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Sponsorship by food and beverage companies in soccer: an analysis of the 2019 Copa América

ABSTRACT

OBJECTIVE

To identify the sponsorship by food and beverage companies of the teams participating in the 2019 Copa América Soccer Cup and associate this sponsorship with characteristics of the teams and their respective countries.

METHODS

The sponsors of the 10 teams participating in the 46th edition of the Copa América were identified. These entities were classified into (i) food companies, (ii) alcoholic beverage companies, and (iii) other segments. The food companies were classified according to their products, according to the NOVA classification. In addition, data on the number of titles previously won by the teams in the Copa America and the World Cup were obtained, as well as data on the countries’ Human Development Index, annual per capita sales of ultra-processed foods, and annual per capita consumption of alcoholic beverages.

RESULTS

A total of 89 sponsorships were identified for the 10 teams studied, some of these supporting two or more teams. Eighteen percent of the sponsors were food companies, with 12.4% being ultra-processed foods. The alcoholic beverage category represented 7.9% of the sponsors. Ultra-processed beverage and alcoholic beverage companies sponsored seven of the 10 teams studied. We noted higher participation of ultra-processed foods company sponsors in teams from countries with higher Human Development Index, sales of ultra-processed foods, and number of Copa América and World Cup titles. The sponsorship by alcoholic beverage companies was higher for teams from countries with lower Human Development Index, alcohol consumption, and number of Copa América and World Cup titles.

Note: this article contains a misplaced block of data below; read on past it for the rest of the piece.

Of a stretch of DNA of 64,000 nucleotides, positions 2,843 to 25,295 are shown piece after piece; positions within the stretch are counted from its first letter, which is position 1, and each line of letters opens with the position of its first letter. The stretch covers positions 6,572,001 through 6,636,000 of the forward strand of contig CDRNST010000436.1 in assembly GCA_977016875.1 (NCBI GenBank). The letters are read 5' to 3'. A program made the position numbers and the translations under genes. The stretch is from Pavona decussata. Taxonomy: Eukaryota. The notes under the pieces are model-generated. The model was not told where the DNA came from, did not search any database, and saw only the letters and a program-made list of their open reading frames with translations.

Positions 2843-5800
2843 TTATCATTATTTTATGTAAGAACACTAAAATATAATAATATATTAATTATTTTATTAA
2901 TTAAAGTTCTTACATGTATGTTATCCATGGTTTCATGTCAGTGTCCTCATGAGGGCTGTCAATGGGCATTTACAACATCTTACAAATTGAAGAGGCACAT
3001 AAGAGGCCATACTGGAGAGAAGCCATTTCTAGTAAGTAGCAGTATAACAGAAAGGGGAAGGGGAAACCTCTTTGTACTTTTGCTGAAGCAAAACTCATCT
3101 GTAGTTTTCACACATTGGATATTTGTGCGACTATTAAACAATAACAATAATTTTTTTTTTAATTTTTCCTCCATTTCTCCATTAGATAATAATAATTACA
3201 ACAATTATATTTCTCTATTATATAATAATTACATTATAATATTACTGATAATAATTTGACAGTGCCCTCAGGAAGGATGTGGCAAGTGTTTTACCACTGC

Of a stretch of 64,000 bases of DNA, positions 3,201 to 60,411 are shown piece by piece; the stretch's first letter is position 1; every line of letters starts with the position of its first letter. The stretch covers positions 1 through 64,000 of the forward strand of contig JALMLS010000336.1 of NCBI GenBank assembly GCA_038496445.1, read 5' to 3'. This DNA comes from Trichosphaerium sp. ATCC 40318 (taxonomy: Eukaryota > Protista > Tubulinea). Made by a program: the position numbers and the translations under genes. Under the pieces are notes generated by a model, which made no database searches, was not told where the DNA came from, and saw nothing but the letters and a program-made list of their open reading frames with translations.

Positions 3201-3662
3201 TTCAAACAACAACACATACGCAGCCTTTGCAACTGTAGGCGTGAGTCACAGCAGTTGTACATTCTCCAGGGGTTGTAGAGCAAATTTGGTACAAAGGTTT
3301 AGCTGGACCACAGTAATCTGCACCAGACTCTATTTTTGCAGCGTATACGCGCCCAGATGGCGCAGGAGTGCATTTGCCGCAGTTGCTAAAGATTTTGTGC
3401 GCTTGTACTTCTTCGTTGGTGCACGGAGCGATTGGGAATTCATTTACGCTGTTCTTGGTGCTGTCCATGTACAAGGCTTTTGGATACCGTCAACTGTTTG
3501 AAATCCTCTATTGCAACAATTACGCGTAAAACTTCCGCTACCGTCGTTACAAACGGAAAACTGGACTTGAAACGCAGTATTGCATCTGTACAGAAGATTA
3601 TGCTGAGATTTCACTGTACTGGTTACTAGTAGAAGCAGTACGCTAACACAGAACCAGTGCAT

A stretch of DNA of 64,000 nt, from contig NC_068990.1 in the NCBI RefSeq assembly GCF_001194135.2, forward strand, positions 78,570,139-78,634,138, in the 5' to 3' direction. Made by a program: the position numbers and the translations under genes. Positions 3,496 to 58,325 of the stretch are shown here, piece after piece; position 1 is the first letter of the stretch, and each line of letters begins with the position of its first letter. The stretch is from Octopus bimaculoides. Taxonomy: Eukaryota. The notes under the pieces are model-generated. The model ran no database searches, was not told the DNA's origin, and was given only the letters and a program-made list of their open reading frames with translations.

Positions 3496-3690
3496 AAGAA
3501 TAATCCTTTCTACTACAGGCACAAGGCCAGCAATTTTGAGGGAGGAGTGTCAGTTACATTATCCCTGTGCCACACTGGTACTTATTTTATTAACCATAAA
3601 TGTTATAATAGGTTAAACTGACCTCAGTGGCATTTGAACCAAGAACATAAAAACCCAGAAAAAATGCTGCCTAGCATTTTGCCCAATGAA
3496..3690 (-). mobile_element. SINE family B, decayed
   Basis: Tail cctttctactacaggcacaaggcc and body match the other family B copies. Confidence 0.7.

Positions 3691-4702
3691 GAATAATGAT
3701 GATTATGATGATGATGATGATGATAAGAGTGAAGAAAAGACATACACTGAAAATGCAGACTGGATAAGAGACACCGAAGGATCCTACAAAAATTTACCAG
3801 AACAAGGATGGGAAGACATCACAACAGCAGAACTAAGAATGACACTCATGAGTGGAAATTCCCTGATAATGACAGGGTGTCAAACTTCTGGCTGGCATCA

CONCLUSION

A significant presence of ultra-processed food and alcoholic beverage companies as sponsors of South American soccer teams was noted, along with the fact that sport performance characteristics of the teams and socioeconomic and market issues of the countries are associated with the occurrence of sponsorship.

Soccer; Food Industry; Financial Support; Food and Beverages; Marketing

RESUMO

OBJETIVO

Identificar o patrocínio por empresas do setor de alimentos e bebidas das seleções participantes da Copa América de Futebol 2019 e associar esse patrocínio a características das seleções e de seus respectivos países.

MÉTODOS